In 2011 I purchased a Surly Long Haul Trucker.  The steel frame and long wheel base soaks up a lot of road vibration and I find the bike very comfortable.  In 2012 I took the bike on a three week, fully loaded tour.  I found the bike a joy to ride and didn’t have any problems with it.  After a couple of years, I replaced the stock saddle with a Brooks B17 saddle.  Once broken in, the Brooks saddle was very comfortable.   The Continental Contact touring tires that came with the bike were pretty durable.  In 2011 and 2012 I cycled over rough pavement, chipseal, gravel and lots of road debris and didn’t end up with any flat tires.   In 2013 I put some 700 x 32 mm Continental Touring Plus tires on the bike.   Those tires stood up (no flats) on tours in Death Valley, northern Michigan and west Texas. 

In 2015, for my Southern Tier tour across the southern U.S. I switched to a pair of 700 x 28 mm Schwalbe Marathon Plus tires and cycled more than 5,000 km without a flat.  In 2016 I purchased some Mavic A719 rims before heading out on a loaded tour in the US southwest and put on some Schwalbe Marathon Plus 700×32 mm tires.  I’ve ridden more than 4,500 km with those tires and still no flats.

The Big Agnes Seedhouse SL2 is a three season, free standing, light backpacking tent.  It weighs about 3 lbs. and packs to a size of about 6.5″ x 16″.  I’ve used it on about 12 tours now.  The tent has held up well although I did have to replace the sliders on the tent zipper.

At just 1 lb 3 oz, the Western Mountaineering SummerLite is a lightweight mummy bag.  I chose a size large (up to 6′ 6” in length) for extra comfort.  The bag is rated to 0 degrees centigrade.  It can be stuffed into a 6″ x 12″ sack and takes up very little space in my bag. I use a lightweight liner to help keep the bag clean and to provide a little more warmth for those mornings when the temperature is near freezing.

The lid closure on the Ortlieb Bike-Packer panniers allows fast access to the waterproof bag’s interior.   A fixed inner pocket with main compartment and zippered mesh pocket helps organizing items inside the bag. Once the panniers are hooked into the rack, the mounting components close automatically.  For taking the panniers off the rack you simply lift the handle.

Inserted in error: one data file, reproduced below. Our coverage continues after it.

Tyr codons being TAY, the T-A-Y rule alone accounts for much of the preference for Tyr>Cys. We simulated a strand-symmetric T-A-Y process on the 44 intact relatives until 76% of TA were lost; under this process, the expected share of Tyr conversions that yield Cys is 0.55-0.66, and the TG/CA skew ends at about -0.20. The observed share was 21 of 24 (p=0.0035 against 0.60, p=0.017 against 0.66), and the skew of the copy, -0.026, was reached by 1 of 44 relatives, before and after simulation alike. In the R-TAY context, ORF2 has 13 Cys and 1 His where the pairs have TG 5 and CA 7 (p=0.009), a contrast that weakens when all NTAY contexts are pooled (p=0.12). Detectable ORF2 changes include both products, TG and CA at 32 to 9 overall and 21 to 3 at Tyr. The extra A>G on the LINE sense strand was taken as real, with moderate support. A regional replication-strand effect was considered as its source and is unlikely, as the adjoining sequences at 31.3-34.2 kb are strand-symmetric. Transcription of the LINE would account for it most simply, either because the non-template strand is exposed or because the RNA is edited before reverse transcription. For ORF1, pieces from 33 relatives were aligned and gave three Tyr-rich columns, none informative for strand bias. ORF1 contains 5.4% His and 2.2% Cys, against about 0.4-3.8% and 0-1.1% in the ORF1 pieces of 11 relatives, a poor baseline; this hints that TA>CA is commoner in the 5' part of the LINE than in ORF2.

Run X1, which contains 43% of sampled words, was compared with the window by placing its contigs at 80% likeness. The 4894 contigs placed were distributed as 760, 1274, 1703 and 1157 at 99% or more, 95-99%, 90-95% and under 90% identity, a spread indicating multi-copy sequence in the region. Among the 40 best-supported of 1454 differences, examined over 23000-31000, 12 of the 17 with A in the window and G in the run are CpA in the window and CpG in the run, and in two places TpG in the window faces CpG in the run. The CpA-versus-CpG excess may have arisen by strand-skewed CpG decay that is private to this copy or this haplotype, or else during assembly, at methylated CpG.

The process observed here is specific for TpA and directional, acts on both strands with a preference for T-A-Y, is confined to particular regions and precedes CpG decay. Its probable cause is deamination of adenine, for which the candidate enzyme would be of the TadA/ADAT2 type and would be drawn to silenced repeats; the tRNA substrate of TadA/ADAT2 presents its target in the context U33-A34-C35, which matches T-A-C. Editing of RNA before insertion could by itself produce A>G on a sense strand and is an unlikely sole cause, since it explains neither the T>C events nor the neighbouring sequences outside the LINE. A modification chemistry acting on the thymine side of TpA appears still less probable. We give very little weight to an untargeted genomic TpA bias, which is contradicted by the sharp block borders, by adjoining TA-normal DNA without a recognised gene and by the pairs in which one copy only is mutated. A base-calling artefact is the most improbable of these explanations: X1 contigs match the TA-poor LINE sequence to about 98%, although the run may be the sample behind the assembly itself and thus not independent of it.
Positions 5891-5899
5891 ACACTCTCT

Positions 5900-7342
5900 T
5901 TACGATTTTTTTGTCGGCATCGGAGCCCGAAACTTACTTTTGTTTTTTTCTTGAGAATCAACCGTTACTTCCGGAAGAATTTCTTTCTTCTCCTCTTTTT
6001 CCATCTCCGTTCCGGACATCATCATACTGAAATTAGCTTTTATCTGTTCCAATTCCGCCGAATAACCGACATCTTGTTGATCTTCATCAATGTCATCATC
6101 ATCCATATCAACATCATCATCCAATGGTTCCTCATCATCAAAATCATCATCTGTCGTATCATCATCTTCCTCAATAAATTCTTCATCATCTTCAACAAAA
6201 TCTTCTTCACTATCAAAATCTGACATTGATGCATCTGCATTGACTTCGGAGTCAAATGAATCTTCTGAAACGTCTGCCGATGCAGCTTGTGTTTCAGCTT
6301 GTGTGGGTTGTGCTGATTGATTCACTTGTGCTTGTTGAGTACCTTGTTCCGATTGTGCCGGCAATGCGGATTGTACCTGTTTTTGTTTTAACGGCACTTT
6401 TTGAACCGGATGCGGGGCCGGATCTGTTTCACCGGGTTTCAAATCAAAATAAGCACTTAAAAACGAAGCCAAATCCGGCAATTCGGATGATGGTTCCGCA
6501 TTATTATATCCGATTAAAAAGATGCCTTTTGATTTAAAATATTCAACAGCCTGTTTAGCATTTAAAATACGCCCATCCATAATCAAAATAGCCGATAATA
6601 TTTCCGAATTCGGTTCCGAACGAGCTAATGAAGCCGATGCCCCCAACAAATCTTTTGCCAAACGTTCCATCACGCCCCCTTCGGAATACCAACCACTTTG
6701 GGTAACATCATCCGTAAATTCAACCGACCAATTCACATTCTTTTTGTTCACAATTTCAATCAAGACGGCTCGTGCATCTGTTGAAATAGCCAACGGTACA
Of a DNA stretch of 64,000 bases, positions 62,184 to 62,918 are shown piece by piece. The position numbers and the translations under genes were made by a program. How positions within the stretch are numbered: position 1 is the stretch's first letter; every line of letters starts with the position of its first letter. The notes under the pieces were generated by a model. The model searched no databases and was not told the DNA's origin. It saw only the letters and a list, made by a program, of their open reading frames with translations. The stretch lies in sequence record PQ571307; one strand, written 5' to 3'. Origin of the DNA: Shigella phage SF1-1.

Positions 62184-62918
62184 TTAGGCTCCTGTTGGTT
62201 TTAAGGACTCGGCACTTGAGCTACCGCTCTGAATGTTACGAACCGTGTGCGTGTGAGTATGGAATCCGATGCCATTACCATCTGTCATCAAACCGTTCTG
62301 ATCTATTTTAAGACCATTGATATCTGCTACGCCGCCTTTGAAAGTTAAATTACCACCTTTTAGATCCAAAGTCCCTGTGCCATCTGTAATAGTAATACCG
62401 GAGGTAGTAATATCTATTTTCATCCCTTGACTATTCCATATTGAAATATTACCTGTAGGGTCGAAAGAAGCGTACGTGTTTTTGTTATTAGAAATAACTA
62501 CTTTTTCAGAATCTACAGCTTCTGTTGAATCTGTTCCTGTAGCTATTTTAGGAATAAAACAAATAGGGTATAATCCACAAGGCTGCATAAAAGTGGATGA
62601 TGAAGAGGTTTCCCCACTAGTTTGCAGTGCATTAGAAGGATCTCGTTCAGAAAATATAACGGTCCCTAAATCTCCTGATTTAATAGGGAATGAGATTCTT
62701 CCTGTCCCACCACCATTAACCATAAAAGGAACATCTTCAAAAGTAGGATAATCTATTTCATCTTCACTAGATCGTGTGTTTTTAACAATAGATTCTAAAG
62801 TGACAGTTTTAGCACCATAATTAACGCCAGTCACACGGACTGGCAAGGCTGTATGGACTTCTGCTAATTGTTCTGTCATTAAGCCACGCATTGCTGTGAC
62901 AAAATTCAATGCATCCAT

I’ve been using a Revelate Designs bar bag and pocket for the last four years.  After using a traditional handlebar bag on my touring bike for a number of years, I decided to try something different that weighs a little less.  I purchased a Sweetroll bar bag from Revelate Designs.  The Sweetroll is a dual ended dry bag with a quick release handlebar mounting system.  It is 100% waterproof as I found out after riding a few days in the rain.   I also picked up a Pocket made by Revelate Designs.  The Pocket provides add-on storage and attaches to the front of the bar bag with 4 buckles.  The Pocket is not waterproof so maps, smart phones and other items may need to be stowed in a plastic bag inside the Pocket or somewhere else.

I’ve used the eTtex 20 on several bicycle tours. The first time was a two month tour in 2015 across the U.S. on the southern tier route. I’ve found the unit to be reliable, durable and relatively user friendly. The unit operates on two AA batteries.  I wrote up a brief review of the eTrex 20 in a blog post in April 2016.

After using the Big Agnes Seedhouse SL2 for eight years, I decided it was time for a new tent for 2020.  I was looking for something that packed a little smaller than the 2 person Seedhouse but was of a similar quality.  After much research I purchased the Big Agnes Copper Spur HV UL1 Bikepack tent.  The tent weighs 2 lb. 12 oz. (1.25kg) and packs down to a size of 5.5″ x 13″.  The tent pole segments on the bikepacking specific tent are shorter which makes for better storage on the handlebar or in a pannier or saddlebag.